In the documents introduced by Cohen, Trump’s wealth numbers were strikingly elastic. In 2012, Trump had $5 billion of assets, according to that year’s one-page summary. Just nine months later, an updated summary showed his assets had nearly doubled, to $9.17 billion. The difference? Brand value. Trump put his at $4 billion.
The records add further detail to an old story about Trump — that his penchant for bluster often extended to how he described his wealth. Neither he nor his company has ever publicly provided a valuation method for how they assess his brand. When he announced his candidacy for president, a document dated 2014 listed the value of “licensing deals, brand and branded developments” at $3.3 billion, making the value of the Trump brand as ethereal as it is massive.
“It was my experience that Mr. Trump inflated his total assets when it served his purposes, such as trying to be listed among the wealthiest people in Forbes, and deflated his assets to reduce his real estate taxes,” Cohen said in prepared remarks. He added that the financial documents for three years ending in 2013 were given to Deutsche Bank “to inquire about a loan to buy the Buffalo Bills.”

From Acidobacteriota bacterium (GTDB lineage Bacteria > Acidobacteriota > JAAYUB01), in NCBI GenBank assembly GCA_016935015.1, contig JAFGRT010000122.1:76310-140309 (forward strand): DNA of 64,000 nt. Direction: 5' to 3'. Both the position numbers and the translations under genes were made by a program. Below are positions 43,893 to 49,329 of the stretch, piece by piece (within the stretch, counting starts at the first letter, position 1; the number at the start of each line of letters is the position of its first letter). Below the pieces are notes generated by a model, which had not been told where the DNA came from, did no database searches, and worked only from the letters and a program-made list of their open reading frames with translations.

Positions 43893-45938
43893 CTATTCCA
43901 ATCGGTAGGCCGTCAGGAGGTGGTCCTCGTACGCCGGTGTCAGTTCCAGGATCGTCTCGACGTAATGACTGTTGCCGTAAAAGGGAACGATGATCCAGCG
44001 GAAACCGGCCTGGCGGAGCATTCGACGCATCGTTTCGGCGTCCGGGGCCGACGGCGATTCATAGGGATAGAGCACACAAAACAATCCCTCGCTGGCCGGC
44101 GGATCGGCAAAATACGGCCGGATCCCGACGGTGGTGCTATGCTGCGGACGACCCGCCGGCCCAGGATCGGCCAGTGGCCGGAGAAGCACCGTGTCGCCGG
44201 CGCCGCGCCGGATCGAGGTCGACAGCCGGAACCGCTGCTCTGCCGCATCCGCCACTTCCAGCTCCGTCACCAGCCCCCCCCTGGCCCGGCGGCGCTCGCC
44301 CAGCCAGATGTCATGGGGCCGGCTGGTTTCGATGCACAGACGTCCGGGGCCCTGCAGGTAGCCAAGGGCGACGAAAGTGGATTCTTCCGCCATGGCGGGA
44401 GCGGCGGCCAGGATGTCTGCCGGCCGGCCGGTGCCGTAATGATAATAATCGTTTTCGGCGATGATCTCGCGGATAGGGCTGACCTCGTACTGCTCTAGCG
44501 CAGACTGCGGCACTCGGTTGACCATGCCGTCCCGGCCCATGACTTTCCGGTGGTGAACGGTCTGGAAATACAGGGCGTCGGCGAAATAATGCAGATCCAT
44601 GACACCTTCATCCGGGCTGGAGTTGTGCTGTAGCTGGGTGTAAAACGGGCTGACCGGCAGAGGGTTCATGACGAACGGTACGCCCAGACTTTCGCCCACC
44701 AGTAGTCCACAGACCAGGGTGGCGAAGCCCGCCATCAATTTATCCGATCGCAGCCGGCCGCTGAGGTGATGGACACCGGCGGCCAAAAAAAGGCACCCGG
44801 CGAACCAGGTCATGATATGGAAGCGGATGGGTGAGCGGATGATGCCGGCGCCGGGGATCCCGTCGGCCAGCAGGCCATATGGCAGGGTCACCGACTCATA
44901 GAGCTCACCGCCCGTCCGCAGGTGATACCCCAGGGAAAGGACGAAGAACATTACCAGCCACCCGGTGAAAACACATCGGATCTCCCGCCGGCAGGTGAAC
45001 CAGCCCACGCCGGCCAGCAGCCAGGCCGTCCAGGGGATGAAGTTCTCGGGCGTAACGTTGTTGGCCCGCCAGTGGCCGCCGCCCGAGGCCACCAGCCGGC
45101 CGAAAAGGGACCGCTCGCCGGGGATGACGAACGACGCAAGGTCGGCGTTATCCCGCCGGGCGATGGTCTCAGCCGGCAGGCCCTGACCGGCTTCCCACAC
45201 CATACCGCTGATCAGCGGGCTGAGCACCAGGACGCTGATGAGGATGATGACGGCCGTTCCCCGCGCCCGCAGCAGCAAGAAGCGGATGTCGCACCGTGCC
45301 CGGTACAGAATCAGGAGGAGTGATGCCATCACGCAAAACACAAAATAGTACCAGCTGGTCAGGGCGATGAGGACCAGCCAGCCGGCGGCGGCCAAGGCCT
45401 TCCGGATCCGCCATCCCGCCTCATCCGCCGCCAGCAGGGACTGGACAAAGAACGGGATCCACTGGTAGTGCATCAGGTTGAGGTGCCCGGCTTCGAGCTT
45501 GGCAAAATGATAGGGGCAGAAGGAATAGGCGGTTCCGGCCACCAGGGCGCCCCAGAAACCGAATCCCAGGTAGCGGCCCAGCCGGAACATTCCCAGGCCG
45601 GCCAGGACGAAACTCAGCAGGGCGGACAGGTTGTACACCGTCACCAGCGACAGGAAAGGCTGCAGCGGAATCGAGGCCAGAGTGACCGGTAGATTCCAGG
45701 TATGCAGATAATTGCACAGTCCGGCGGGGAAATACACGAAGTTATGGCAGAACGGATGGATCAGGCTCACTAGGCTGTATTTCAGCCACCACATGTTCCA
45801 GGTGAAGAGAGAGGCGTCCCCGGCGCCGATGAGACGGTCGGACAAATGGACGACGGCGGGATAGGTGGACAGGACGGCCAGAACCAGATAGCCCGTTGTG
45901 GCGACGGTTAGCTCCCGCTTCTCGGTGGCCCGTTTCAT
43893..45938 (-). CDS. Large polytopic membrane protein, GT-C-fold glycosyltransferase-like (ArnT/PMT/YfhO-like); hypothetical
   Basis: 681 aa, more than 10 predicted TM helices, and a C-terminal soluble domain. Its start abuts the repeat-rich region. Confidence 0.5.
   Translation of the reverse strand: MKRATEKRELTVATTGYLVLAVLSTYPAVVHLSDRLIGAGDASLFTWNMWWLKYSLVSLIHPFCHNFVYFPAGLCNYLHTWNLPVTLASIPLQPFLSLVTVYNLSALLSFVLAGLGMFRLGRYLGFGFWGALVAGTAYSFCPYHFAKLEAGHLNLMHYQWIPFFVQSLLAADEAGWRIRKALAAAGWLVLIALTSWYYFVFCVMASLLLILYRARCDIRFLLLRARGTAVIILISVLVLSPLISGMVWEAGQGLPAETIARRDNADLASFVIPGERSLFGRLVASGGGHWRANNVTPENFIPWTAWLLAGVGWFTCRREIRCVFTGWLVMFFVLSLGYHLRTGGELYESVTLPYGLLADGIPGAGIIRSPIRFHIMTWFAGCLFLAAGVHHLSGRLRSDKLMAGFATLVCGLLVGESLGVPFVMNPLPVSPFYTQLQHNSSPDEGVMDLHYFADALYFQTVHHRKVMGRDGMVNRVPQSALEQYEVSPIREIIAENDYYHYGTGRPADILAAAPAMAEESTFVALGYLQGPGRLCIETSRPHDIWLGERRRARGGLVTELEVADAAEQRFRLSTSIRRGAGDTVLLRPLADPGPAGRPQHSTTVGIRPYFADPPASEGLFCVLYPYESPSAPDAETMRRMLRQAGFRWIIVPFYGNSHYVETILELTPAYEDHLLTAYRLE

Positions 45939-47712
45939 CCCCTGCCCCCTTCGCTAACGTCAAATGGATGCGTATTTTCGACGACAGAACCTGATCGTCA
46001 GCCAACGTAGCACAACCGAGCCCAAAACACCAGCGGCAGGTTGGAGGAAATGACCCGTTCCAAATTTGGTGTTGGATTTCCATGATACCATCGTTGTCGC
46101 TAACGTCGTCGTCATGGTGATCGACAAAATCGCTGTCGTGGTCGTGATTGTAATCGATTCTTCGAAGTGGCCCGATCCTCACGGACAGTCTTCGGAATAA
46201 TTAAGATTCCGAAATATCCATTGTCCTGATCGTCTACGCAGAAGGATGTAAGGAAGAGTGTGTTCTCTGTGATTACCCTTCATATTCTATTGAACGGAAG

A spokesman for Deutsche Bank declined to comment.
Cohen said Trump also used the documents when interacting with insurance companies, which legal experts said could pose additional jeopardy for Trump.
“We would provide them with these copies so that they would understand that the premium, which is based sometimes upon the individual’s capabilities to pay, would be reduced,” Cohen told lawmakers. Asked if that was done at Trump’s direction and with his knowledge, Cohen said, “Yes,” adding that he believed the numbers had been inflated.